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Traditional Christmas Dishes

December 28, 2014

    According to ancient Ukrainian folk tradition on Christmas Eve families got together for a festive dinner. It was important that no one was late. On this day, our ancestors did not eat until the very evening. Only when one saw the first star in the sky, which, according to biblical tradition announced the good news of Jesus’ birth – Ukrainians would begin the festive meal.

 

    Although Christmas Eve falls on the last day of Christmas (often known as Pylypivsky) lent, and all meals cooked for this holiday are lenten, this night is often called a ‘rich supper’, as normally one finds 12 dishes (at least) on the table. Traditionally, the Holy Supper includes the following dishes:

 

    o Kutia
    o Borshch with ‘ears’ (вушка – vushka – mushroom-filled mini dumplings)
    o Mushroom soup
    o Varenyky (aka perogies) 
    o Holubtsi (cabbage rolls)
    o Pickled herring 
    o Marinated mushrooms
    o Fish in aspic
    o Sauerkraut
    o Beans
    o Uzvar (dried stewed fruit juice)
    o Pampushky (sweet filling pastries, similar to donuts or fritters)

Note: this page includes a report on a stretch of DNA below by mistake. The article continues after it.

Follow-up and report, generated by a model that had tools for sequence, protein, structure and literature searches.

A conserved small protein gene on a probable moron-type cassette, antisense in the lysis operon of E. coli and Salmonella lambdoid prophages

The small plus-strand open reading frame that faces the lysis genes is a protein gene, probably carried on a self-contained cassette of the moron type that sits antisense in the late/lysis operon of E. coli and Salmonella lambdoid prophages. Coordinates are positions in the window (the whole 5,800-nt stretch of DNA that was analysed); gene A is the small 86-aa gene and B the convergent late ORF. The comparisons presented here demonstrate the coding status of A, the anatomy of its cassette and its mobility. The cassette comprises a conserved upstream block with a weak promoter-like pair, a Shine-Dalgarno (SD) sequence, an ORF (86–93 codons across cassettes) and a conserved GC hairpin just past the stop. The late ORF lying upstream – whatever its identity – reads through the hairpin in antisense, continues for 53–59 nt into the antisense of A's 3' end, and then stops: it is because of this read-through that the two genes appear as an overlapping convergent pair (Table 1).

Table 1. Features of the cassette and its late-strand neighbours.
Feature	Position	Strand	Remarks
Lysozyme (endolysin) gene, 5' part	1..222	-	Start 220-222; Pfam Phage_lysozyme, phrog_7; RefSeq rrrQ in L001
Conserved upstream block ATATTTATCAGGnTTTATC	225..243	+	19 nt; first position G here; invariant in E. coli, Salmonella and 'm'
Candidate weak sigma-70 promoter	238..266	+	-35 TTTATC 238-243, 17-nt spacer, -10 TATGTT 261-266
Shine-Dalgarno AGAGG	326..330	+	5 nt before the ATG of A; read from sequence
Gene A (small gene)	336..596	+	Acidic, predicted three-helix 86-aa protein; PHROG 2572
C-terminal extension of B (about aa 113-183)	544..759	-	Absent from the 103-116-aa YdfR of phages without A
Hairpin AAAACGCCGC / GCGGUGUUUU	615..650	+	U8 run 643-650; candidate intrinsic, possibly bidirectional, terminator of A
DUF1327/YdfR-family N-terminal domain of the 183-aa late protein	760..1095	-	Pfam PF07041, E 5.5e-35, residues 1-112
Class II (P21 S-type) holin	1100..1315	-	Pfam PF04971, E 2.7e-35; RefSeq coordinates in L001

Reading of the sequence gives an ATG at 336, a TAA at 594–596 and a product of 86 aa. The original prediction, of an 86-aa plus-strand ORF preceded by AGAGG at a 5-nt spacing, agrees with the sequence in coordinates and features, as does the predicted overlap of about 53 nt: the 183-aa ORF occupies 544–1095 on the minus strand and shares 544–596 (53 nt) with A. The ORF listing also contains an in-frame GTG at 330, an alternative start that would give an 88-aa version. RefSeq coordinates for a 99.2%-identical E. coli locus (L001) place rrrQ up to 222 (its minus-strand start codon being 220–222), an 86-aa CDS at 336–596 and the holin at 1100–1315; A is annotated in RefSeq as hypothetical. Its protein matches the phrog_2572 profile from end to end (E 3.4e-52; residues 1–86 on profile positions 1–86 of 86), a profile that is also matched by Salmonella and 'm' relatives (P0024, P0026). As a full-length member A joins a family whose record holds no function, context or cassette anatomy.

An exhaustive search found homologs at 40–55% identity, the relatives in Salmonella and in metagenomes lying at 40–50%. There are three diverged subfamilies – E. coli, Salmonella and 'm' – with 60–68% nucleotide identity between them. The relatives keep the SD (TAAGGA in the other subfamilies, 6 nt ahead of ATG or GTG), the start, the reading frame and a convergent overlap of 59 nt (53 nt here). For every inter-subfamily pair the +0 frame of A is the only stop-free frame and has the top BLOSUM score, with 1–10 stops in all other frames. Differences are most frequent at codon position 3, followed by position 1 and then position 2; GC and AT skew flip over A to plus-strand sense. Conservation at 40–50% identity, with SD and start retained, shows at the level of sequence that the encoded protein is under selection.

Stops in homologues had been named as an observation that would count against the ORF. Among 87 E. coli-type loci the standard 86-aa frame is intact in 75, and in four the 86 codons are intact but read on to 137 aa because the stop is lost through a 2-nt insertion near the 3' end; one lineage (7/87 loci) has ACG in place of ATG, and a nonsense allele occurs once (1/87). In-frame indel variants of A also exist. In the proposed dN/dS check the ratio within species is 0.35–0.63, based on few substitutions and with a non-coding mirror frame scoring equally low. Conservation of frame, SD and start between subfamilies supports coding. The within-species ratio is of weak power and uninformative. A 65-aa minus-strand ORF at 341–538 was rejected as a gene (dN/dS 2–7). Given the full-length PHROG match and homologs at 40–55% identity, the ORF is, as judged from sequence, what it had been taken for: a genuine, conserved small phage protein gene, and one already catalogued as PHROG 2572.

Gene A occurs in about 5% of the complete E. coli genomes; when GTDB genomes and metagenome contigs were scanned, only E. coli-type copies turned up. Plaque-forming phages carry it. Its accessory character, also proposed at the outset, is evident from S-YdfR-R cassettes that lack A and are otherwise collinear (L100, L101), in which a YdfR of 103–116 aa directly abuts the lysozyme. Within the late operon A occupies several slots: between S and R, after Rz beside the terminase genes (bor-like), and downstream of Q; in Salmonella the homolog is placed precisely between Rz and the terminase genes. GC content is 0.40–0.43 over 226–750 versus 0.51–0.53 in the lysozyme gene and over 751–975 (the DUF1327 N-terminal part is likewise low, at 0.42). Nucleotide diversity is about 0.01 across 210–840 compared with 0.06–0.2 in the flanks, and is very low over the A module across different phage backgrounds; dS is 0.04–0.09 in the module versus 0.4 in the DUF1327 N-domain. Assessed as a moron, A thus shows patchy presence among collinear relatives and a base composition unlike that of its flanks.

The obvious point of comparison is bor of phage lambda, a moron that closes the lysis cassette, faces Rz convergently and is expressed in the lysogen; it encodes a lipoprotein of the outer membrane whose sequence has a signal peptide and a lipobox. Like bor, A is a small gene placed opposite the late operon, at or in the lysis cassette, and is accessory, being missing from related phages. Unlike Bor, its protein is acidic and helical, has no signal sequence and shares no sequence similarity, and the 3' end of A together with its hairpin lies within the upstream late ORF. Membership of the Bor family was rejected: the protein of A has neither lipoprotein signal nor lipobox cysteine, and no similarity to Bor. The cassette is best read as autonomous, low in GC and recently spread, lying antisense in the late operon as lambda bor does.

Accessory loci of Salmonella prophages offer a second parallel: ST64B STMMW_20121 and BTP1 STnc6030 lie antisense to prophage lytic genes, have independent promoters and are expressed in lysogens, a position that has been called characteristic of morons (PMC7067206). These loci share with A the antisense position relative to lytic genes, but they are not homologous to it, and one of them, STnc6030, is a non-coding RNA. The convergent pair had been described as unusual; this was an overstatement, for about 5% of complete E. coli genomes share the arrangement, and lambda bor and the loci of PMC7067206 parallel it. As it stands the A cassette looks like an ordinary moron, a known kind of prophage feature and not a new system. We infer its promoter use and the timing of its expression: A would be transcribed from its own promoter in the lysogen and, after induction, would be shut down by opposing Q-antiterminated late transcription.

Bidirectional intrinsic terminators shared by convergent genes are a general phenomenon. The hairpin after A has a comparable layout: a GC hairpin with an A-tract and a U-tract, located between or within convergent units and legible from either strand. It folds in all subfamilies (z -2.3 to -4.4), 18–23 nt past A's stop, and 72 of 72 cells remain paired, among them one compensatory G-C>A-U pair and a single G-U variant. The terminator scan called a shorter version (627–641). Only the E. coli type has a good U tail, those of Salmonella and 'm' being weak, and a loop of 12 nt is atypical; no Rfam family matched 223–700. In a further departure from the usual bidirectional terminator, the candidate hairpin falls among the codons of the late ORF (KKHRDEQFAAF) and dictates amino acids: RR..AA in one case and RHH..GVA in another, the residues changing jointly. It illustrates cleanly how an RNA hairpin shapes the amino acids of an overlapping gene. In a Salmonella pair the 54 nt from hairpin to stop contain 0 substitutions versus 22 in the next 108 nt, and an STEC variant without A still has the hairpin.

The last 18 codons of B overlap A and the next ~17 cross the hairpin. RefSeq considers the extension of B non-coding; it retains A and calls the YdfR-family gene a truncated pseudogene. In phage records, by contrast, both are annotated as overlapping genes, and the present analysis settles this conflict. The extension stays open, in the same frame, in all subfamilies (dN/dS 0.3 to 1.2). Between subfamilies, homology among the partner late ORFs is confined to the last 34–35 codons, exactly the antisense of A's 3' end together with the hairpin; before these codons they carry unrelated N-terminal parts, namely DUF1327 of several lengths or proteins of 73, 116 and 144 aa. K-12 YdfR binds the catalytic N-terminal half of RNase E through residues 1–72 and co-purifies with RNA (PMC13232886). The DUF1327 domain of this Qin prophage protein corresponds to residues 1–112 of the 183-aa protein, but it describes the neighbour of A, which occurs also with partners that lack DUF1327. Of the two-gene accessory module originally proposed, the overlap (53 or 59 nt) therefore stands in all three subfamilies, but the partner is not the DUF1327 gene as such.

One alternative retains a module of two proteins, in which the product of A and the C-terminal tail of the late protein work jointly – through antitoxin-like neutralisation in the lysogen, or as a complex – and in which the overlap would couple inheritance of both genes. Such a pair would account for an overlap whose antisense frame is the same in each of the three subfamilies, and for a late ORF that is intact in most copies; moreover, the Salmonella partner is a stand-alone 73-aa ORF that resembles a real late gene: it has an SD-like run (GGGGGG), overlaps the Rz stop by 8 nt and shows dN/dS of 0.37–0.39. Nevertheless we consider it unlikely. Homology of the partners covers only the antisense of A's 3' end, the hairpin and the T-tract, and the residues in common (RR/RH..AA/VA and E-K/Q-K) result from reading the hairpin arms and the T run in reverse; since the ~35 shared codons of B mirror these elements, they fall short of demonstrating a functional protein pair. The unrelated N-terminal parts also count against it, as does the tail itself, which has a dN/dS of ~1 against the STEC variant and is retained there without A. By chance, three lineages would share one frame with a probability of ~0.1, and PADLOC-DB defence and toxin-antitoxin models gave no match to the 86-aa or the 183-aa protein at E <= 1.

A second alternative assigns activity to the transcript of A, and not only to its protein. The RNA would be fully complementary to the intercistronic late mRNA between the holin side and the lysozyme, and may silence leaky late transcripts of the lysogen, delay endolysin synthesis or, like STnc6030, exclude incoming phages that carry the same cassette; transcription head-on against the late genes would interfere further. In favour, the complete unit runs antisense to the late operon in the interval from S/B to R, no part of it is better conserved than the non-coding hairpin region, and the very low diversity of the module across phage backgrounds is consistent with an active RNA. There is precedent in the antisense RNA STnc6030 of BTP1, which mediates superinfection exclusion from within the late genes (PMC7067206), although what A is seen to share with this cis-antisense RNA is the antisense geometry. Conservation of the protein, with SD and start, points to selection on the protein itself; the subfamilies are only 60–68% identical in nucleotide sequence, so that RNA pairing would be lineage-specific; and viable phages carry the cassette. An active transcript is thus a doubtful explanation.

Here are instructions for maing the two main Christmas dishes!

Kutia – is one of the main Christmas dishes and is a special kind of grain porridge. It’s usually cooked with unground wheat, rice, oats or barley and sweet additives - honey, sugar, raisins, jam, candied fruits, dried fruits etc. Grains symbolize eternal life and prosperity, and the sweetness of kutia is a symbol of heavenly bliss. Kutia usually is made with honey syrup, made of water, cereal broth, poppy seeds, almond, hemp milk, nuts, and various spices.

 

     Here’s a simple classic kutia recipe:
Ingredients: 2 glasses of wheat, 1 glass of poppy seeds, 1 glass of nuts (typically walnuts are used), 50 grams of raisins, 100 grams of honey.

Rinse the wheat with water and let it soak for a few hours. Then cook over medium heat until tender. Rinse the poppy seeds with water, then pour some boiling water and leave for 20-30 minutes. Then drain the water and crush the seeds until they become paste-like (you can use a coffee grinder or blender to save time, though traditionally everything is done by hand). Crush nuts (you can add a variety of nuts) and roast them for a couple minutes. Mix all the ingredients together, add raisins, honey, sugar and other dried fruit to your liking.

     To make uzvar you'll need:
100g dried apples, 100g dried pears, 100g dried prunes, 50 g raisins, 3/4 cup honey (or as much or little as you like it), water - 5 liters.

Rinse the fruit with hot water, then place in a pot, adding honey, raisins and a fair amount of water and cook over medium heat for an hour. Once ready let the stew brew and cool off for another 3-4 hours and then serve on your Christmas table.

 

 

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